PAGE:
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The Love Island Bookshop by Kate Frost #Review #ARomanticEscapeBook

 If you can't fly over to the Maldives at the moment, how about escaping there through the pages of a book? Kate Frost's The Love Island Bookshop was published on 8th April by Lemon Tree Press. A dream job, two handsome men, one destructive act. Will Freya’s opportunity of a lifetime end in tears? When Freya leaves her publishing job in London to be a barefoot bookseller in the Maldives, it’s the push she needs to move on from her sadness and reignite her passion for life. While resort owner Zander is charming, it’s handsome dive instructor Aaron who befriends her when she needs it most. But all is not what it seems and there’s trouble brewing in paradise. Taking a chance on happiness is harder than she imagined. Can Freya let go of her heartache and allow herself to fall in love again? My Thoughts  Yes this novel certainly lived up to its series, A Romantic Escape . What could be blissful than spending the Summer on a remote island in the Maldives? Well, running the

The Song of Achilles by Madeline Miller


Published in 2012, The Song of Achilles won the 2012 Orange Prize for Fiction. Based on Homer’s Iliad and the siege of Troy, it reimagines the story through the eyes of Patroclus. As a boy prince, he was exiled to Peleus’ kingdom following his disgrace after the killing of a nobleman’s son. I read this book for my Book Club and I found myself hooked quite early on and enjoyed seeing life from Patroclus’ perspective. It did not worry me that Achilles’ thoughts were largely a mystery as that seemed appropriate for someone with his parentage. The son of Peleus and the goddess, Thetis, Achilles grew up to be the supreme warrior but was shown to have human faults. The story centres around the growing friendship and love between Patroclus and Achilles. 

Dealing as it does in the land of Myths and Legends, it would have been easy for the book to become two dimensional. Miller merges the world of man and the gods seamlessly and within the context of the story, I was able to believe in the events which could have seemed like fantasy. As young adolescents, Achilles, with Patroclus goes to be tutored by Chiron, a centaur, as preparation for his destiny as one of the greatest Greek warriors. This section seemed logical within the story and never absurd. The descriptions of the caves and the mountains are detailed and believable.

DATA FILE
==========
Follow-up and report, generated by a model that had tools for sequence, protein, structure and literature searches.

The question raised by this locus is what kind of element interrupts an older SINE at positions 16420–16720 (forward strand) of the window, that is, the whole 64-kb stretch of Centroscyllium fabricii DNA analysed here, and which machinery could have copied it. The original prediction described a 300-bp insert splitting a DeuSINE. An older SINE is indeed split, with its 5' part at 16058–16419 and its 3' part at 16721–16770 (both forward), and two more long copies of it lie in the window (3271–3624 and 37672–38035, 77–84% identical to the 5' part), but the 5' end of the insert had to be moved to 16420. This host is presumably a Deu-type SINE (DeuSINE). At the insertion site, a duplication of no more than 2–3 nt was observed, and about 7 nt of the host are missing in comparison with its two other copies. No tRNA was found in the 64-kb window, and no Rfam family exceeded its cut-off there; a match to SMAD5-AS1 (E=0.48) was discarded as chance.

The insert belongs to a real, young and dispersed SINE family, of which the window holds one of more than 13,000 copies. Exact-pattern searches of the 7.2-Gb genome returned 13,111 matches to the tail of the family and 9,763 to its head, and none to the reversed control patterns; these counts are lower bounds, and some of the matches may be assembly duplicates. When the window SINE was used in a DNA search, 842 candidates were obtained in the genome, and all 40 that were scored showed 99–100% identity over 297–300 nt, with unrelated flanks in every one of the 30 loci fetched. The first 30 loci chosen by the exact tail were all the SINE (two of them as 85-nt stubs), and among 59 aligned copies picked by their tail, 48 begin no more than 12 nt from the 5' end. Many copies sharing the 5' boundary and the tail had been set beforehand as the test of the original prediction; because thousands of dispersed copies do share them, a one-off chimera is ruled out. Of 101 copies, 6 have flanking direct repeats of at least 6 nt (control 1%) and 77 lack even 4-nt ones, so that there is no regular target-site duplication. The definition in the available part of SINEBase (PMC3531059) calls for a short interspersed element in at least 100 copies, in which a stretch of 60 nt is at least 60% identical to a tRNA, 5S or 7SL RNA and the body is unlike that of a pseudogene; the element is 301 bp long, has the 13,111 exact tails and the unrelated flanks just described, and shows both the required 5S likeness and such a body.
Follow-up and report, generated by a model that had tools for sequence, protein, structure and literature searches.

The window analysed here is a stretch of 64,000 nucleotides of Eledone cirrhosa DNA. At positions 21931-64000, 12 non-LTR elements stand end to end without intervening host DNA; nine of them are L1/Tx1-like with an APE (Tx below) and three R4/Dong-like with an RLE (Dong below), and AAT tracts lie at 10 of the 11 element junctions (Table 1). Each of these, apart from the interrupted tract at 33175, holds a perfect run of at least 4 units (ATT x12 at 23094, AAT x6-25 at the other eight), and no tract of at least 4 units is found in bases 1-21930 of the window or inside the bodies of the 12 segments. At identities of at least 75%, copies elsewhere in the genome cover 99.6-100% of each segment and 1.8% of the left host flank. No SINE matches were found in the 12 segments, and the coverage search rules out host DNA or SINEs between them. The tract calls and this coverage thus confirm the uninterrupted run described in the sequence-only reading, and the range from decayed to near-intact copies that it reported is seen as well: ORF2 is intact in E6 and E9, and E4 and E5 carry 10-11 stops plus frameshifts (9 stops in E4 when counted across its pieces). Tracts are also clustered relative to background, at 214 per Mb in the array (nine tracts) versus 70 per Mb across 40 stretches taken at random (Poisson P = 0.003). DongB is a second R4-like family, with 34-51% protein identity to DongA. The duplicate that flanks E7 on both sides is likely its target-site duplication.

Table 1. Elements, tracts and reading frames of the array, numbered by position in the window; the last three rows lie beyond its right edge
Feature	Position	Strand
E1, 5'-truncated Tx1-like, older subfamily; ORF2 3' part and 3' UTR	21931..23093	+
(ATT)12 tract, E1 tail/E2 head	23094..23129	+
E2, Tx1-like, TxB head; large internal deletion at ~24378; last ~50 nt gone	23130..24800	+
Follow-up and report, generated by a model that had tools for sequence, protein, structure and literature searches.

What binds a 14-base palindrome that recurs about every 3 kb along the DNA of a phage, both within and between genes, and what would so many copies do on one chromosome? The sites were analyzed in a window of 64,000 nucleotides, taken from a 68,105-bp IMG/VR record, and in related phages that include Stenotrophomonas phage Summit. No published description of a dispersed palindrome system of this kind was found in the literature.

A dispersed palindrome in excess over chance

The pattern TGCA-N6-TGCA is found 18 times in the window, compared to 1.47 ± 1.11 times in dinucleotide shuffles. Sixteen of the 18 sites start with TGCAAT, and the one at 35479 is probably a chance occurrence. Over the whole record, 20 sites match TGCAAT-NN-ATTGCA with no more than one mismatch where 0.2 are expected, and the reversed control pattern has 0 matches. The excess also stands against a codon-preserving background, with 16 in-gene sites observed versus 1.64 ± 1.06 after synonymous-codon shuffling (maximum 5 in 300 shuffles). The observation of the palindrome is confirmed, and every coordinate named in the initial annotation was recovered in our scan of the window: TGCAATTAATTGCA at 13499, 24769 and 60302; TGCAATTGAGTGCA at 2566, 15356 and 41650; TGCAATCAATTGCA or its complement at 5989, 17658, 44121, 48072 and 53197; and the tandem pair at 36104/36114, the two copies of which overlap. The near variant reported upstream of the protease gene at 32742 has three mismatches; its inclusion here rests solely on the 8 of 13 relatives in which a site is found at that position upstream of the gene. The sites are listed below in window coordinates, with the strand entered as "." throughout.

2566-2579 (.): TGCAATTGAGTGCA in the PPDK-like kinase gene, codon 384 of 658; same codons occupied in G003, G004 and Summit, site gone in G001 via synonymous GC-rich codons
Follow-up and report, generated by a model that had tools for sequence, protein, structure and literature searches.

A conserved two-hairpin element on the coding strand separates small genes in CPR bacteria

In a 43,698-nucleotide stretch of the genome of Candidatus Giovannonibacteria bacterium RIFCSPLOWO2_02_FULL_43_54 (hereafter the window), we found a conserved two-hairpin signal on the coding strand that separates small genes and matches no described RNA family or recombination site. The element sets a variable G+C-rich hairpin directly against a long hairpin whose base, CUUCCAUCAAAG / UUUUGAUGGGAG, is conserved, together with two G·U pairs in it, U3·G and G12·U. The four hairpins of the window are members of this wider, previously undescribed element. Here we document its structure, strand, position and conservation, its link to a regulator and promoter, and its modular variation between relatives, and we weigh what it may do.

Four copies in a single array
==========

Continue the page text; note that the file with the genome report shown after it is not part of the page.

I personally found the depiction of Thetis, the sea nymph to be the most moving part of the book. Her rape by Peleus at the behest of the gods had produced Achilles. It had been prophesied that her child would be greater than his father. The gods feared this and made sure that his father was mortal and no threat to them. Her whole existence after this seems to be to try to protect him so that he can fulfil his destiny through her strength and power. As a goddess, she does not understand love and particularly disapproves of Achilles relationship with Patroclus.

If the book has a true hero, it has to be Patroclus with all his human faults and frailties. He is shown to have compassion and courage. He shows us Achilles’ human side and enables us to care what happens to him. 

In short: a page turner which keeps you engaged to the final word.

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